Dave and Deb recently posted..A Jewel of Petra- The Monastery

  10. Great post. I’ve been trying to open myself up more as well. It is scary but once it’s over I’ve never regretted it. I’m a bit of an introvert as well, but I find people fascinating, so I’ll walk away from a good conversation with a new person with a major high. Life is so interesting and amazing when we break out of our shells and step out in to the world.
    Kim recently posted..Rafting in Ashland- Oregon

  11. I noticed a few times now that when I’m at home and having a deskjob I’m such a closed and shy person, while on the road I’m a very different and more open person. I promised myself to keep being the open person once I got back home, but it just seems to wear of after a while. Its just like I get sucked back into my old life again. Hopefully at some point I just keep being the open person and not beign so shy anymore :)
    Tijmen recently posted..Interview with Megan from OnMyWayRTW

  12. I like this idea- walking the talk. There are definitely parts of my life that I could apply this to. Isn’t it great how travel opens us up to new opportunities and adventures? Most of which make us so happy!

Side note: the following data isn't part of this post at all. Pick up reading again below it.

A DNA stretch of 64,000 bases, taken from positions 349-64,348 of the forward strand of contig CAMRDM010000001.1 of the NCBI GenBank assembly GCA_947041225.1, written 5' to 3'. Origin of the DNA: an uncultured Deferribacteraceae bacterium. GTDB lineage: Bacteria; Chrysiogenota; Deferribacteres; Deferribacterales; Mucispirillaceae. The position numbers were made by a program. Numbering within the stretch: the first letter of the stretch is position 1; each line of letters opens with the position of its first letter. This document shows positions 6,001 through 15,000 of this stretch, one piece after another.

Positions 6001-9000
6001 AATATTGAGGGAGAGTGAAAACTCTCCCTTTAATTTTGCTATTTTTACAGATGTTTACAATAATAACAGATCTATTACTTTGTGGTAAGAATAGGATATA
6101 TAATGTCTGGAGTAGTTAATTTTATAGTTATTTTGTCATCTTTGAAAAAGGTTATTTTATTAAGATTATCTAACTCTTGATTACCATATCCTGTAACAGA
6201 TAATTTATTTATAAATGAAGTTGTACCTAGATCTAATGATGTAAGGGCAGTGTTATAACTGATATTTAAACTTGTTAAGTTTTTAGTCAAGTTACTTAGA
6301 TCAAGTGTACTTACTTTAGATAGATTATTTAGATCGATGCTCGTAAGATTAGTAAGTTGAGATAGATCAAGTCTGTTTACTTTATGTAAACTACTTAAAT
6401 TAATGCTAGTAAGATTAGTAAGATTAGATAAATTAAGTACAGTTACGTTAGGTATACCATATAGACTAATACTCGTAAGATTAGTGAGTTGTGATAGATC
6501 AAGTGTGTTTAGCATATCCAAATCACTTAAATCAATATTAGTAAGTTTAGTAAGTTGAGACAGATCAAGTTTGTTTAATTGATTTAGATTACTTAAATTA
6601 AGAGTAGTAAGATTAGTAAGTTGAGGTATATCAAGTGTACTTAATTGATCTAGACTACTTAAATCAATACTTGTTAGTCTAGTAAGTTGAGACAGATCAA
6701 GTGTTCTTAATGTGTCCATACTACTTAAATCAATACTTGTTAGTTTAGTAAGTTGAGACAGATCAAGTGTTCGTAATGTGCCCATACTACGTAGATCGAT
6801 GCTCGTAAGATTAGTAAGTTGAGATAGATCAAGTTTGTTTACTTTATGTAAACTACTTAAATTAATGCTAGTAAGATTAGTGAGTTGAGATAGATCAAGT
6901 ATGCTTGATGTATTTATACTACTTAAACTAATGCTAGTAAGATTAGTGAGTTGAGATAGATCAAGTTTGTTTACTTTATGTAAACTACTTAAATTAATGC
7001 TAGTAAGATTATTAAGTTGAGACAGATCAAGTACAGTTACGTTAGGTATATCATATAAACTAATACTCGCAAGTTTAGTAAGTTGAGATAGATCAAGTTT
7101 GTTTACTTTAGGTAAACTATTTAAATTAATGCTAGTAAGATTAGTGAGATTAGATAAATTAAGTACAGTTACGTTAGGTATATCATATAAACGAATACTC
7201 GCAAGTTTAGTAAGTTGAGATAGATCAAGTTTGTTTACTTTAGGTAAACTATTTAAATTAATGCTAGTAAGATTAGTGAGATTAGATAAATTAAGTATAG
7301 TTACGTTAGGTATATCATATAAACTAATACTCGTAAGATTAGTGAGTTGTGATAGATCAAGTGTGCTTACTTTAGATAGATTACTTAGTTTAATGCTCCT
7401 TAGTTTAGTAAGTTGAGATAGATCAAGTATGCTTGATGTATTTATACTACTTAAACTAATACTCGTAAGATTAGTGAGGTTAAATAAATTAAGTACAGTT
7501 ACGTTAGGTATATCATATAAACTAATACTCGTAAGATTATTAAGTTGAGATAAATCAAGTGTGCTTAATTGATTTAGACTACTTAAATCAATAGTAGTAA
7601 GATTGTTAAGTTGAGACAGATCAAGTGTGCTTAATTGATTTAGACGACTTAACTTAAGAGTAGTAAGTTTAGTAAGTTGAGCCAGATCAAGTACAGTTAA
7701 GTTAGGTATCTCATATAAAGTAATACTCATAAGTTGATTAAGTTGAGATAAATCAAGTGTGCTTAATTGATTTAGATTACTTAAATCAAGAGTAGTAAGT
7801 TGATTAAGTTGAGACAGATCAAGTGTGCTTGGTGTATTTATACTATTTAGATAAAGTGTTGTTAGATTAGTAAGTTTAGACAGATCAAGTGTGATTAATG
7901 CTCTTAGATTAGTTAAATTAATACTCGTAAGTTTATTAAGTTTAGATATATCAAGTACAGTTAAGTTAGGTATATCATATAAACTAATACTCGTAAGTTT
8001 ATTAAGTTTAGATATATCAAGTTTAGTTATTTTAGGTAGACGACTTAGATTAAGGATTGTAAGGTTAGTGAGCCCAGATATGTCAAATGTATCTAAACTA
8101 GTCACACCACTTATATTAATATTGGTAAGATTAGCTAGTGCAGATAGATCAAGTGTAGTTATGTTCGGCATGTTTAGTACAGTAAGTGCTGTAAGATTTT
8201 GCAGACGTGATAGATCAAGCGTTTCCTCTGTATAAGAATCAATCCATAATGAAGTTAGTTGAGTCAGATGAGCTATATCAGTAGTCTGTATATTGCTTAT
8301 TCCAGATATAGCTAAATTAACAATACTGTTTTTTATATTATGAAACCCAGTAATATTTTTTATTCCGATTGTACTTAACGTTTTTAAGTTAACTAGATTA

13. Like you, I’d say I’m on the introverted side. Often have I thought about picking up a hitchhiker, or offering our place up to couchsurfers. I’m quickly running out of time to do so, and I suspect I’ll be on the benefiting side of someone else’s kindness before I have the opportunity to give back.
    Mike Lenzen | Traveled Earth recently posted..Come What May- A Recap of our Month

  14. Hey!!! :)

    Great post, I’ve only just stumbled on it after browsing your blog (internet time is limited thee days..)

    What you guys did for us was absolutely incredible and we’re so immensely grateful, it made such a difference to the start of our trip to be so well looked-after and have the chance to chat to fellow travelers. I felt I learnt a lot even in those few days, and certainly had my perceptions and expectations challenged and horizons broadened- like you, we’re both normally fairly introverted and Matt especially is quite shy, but we were determined to overcome our fears and truly throw ourselves into our trip. We’ve stayed with so may couchfurfing and warmshowers hosts now; each experience has something different to offer, and we’re learning so much and being so greatly inspired. I can’t wait to sign up for both couchsurfing/warmshowers when we get home and continue the experience.

    From the bottom of our hearts, thank you thank you thank you- it was such a fantastic way to begin our trip. You guys are amazing!